Clark-Lindsey expansion: On budget, on schedule | News | – Champaign/Urbana News-Gazette

URBANA — The mild winter to date has made it possible to keep the building expansion at Clark-Lindsey Village on schedule and on budget.

“Construction is going well,” said Ron Wilcox, vice president of resident services. “Everything is on schedule, and we still anticipate Phase One being completed in June.”

Clark-Lindsey is currently a 27-acre continuing care retirement community with independent living units, shelter care units and a skilled care nursing facility. Established in 1978, it features 147 units of independent living, 12 units of memory care and assisted living and 105 beds of skilled nursing.

The first phase of a $8.8 million four-phase expansion plan on the southeast quadrant of the property will include two new independent living villa-style buildings, a new grounds building and the completion of Berns Drive, a loop road accessing the quadrants of the campus. The current villas are in four buildings, each with four units, and the next eight will be in two four-unit buildings.

The new villas will be 1,700 to 2,000 square feet, all on one level with attached garages.

The road connection is completed, Wilcox said, and the framing is up on both units.

“The mild winter has helped,” Wilcox said. “Our goal was to get the frame up and enclosed so the tradesmen could work inside before the weather gets too bad. Other than a few rainy days in the fall and a couple of really cold days earlier in January, the weather has been great and has helped us.”

Broeren Russo Builders of Champaign is the contractor for the project.

“They have been great about locking in prices, and so the rise in building materials hasn’t had a negative impact,” Wilcox said. “We have been making decisions and moving forward without a lot of surprises there, other than the supply-chain issues, which always cause a few hiccups. But we are doing OK.”

The new buildings are being constructed with high-quality materials, such as engineered wood siding, brick and metal wall paneling. The roofs will be pitched to help match the architectural character of the surrounding neighborhood. The apartment-style buildings will incorporate first-floor covered parking for residents, and additional parking will be added throughout the site.

The COVID-19 pandemic has not interfered with the project.

“With the construction being outside, we haven’t had many issues,” Wilcox said. “We continue to take precautions and we wear masks anytime we are inside or close proximity to the builders. I am not aware of any staffing issues on the construction team either. The fact that it is on time is probably testimony to the fact that they can get folks in there to work on the project.”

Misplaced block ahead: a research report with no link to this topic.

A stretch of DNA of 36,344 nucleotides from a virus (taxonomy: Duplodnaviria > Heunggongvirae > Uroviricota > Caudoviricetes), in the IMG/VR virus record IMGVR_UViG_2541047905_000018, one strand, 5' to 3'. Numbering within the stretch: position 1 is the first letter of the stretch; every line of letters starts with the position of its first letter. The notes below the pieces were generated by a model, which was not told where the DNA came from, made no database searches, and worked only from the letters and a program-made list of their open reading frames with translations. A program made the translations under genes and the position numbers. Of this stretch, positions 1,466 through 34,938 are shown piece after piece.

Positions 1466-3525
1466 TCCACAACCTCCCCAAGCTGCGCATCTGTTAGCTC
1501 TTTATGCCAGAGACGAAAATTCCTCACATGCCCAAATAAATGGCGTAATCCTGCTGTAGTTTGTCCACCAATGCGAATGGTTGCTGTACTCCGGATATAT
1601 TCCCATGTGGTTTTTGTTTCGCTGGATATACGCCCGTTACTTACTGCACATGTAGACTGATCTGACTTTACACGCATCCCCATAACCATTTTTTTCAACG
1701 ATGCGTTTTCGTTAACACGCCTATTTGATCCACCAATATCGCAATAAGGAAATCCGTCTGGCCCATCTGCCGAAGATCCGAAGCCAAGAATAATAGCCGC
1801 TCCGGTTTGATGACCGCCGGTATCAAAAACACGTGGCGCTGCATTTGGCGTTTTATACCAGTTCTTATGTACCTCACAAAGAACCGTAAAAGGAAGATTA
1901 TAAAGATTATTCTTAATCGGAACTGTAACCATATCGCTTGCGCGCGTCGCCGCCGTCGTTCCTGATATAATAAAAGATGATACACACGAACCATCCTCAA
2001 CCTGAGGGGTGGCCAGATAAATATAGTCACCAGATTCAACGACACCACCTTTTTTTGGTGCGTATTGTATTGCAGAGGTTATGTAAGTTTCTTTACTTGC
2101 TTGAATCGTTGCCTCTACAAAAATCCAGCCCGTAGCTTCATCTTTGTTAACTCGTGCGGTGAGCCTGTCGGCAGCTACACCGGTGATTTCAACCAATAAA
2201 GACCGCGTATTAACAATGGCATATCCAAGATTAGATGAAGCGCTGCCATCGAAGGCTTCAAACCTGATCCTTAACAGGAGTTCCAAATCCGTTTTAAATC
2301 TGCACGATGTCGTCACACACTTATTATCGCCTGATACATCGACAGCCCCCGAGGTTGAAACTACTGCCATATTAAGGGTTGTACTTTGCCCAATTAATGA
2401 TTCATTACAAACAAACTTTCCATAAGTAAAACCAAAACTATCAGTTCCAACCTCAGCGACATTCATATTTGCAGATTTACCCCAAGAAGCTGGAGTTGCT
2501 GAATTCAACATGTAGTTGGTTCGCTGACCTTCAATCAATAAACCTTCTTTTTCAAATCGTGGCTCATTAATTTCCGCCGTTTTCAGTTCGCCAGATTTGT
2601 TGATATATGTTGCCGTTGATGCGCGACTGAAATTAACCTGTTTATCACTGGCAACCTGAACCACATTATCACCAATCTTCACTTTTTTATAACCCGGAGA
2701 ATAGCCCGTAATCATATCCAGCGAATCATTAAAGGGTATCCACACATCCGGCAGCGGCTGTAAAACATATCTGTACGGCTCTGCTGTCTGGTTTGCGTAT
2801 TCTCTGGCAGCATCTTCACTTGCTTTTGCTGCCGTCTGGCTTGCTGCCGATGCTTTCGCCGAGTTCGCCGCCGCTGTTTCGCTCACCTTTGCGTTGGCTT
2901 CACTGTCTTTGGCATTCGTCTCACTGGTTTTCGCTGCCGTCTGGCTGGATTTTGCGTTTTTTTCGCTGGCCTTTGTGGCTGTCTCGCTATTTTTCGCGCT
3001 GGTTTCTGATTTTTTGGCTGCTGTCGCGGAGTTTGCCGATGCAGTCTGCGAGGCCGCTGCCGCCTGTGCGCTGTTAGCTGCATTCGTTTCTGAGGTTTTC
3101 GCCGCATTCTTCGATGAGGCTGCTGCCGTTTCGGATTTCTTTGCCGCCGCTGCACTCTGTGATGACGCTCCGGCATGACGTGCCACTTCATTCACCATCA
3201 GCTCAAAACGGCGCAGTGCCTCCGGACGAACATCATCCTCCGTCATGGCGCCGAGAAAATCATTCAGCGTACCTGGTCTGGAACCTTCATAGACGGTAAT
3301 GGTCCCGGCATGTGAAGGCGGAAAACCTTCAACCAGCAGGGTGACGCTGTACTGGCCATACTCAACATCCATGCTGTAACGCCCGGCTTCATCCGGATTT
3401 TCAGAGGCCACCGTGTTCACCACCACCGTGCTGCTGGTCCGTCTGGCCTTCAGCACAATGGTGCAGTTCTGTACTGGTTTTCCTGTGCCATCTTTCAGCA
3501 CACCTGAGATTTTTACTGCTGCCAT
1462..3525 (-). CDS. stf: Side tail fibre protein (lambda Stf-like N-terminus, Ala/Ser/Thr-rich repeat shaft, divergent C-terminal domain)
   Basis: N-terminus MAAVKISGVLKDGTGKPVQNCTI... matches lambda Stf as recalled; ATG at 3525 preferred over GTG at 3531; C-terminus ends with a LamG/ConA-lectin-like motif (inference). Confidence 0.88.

Continuing care retirement communities (CCRC) offer a tiered approach to senior housing, also known as “aging in place.” When an individual joins a CCRC, they do not purchase or rent their housing, but instead hold membership in a campus of housing options based on the level of care necessary.

For residents, this means that they can choose to live in independent units when less personal care is needed. If assistance with everyday activities becomes necessary, they can transition into assisted living or nursing care facilities on the same campus. On-site amenities for residents include a restaurant-style dining room, recreation areas, an exercise room, a small grocery store, a beauty shop, a library, and a crafts room. Additional Clark-Lindsey Village services for residents include transportation to supermarkets and other destinations, and on-site banking services.

The second phase, located in the southwest quandrant, will include construction of the three-story apartment-style assisted living building and improvements to the health care wing. There will be a combined 64 memory care and assisted living units in the new building, with first floor covered parking. The two residential buildings on the southern edge of the site will remain. This phase will also replace the carports that are on-site now. There are currently three access drives on the Race Street side of the development. One access drive will be closed to consolidate ingress and egress traffic, improving safety for people using the multi-use path along Race Street.

“We expect to start construction in late summer or early fall and have that done in the fall of 2023,” Wilcox said.

The three-story apartment-style independent living building and the expansion of the wellness center will be completed in Phase Three, in the northwest quandrant. The independent living building will include 48 units, with first-floor covered parking. Three wings of the nursing care facilities will be removed.

“The existing wellness center will be expanded to include additional amenities and a new auditorium space that will seat up to 200 people,” Wilcox said.

The fourth phase will include the completion of the north parking lot. There is currently a circular drive and angled parking in the north parking lot. Phase Four will restructure the parking lot and add parking.

That project is expected to be completed in 2025.